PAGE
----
Every year in Seoul hundreds of babies are abandoned and many die. However, Pastor Lee and a few volunteers have managed to save hundreds of infants who would otherwise be forsaken. Often times a letter accompanies the baby, typically written by the biological mother. Pastor Lee reads a few for the documentary. Most of them thank Lee for creating hope for the mothers and their babies. The South Korean government accuses Pastor Lee of facilitating the abandonment of children. Nothing could be further from the truth. The problem existed long before Pastor Lee setup the drop box. Indeed it is a problem that not only affects South Korea but many parts of the world including our own backyard.
There are roughly a dozen children who live with Lee and his family permanently. His tireless efforts to rescue dropped-offed babies has taken its toll on Lee’s health. As a weeping volunteer explains, there is a great fear that there will be no one who possesses the strength or desire to continue Lee’s great legacy after he dies.
However, there may be one successor in the coming years. Remarkably he may be one of the very orphans that Lee rescued at the hospital: a young boy wise beyond his years. This boy, perhaps 11 years old, suffers from a congenital hand deformity. The interview sequence with the boy is one of the most touching moments of the film. He recounts how he was often chastised by his fellow peers because of his hands. The other children would not throw that ball at him during dodgeball because they said “it’s no fun to play with a cripple” and laughed. Despite the cruelty of his peers, the boy explains that he demonstrated that he could play all the sports just as well and developed a great mastery of Taekwondo. He also became class president for his leadership abilities and finally earns the respect of his peers, who have now accepted him wholeheartedly.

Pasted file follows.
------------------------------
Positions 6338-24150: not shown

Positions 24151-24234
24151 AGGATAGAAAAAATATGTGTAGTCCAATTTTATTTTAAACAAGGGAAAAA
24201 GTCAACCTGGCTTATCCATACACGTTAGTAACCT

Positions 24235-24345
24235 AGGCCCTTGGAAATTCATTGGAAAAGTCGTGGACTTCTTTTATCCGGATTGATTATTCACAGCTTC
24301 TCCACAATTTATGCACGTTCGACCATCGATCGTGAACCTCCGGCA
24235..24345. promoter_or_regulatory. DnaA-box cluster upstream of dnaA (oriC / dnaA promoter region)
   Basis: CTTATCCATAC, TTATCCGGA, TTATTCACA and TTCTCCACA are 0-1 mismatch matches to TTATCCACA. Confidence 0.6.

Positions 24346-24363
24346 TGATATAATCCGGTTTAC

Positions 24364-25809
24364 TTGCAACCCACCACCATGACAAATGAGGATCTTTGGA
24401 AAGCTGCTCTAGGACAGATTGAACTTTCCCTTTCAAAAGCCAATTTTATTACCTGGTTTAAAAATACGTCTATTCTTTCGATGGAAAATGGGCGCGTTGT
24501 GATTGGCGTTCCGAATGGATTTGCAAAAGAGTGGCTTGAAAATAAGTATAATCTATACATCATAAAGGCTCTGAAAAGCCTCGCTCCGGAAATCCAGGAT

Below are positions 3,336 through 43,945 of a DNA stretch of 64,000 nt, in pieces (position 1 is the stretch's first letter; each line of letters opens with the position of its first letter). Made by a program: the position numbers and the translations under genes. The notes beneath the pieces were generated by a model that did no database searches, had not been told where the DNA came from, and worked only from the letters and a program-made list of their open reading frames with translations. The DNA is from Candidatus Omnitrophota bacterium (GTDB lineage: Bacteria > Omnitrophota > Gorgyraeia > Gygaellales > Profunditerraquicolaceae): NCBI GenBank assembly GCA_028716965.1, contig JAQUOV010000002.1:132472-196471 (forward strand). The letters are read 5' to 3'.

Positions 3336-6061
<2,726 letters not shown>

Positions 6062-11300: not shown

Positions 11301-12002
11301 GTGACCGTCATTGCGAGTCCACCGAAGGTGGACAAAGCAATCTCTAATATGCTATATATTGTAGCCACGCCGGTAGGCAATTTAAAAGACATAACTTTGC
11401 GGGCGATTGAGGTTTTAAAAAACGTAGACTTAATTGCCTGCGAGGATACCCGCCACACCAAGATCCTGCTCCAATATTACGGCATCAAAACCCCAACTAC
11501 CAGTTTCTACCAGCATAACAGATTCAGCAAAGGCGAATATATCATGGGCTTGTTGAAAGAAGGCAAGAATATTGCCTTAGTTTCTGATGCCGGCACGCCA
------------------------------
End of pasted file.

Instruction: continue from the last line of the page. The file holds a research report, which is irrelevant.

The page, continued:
This boy also describes the disappointment he felt when he found out that the Lees were not his biological parents but he said he now considers them his real parents. He loves Eun-man as his own brother and prays for him. Despite his young age, he realizes that his father is sick and wishes to continue his father’s work one day.
Above the drop box, Pastor Lee has placed the very fitting caption of Psalm 10:27 which reads “Though my father and mother forsake me, the LORD will receive me.” Since God has adopted him, Lee believes he should adopt those that have been deemed undesirables by their biological parents.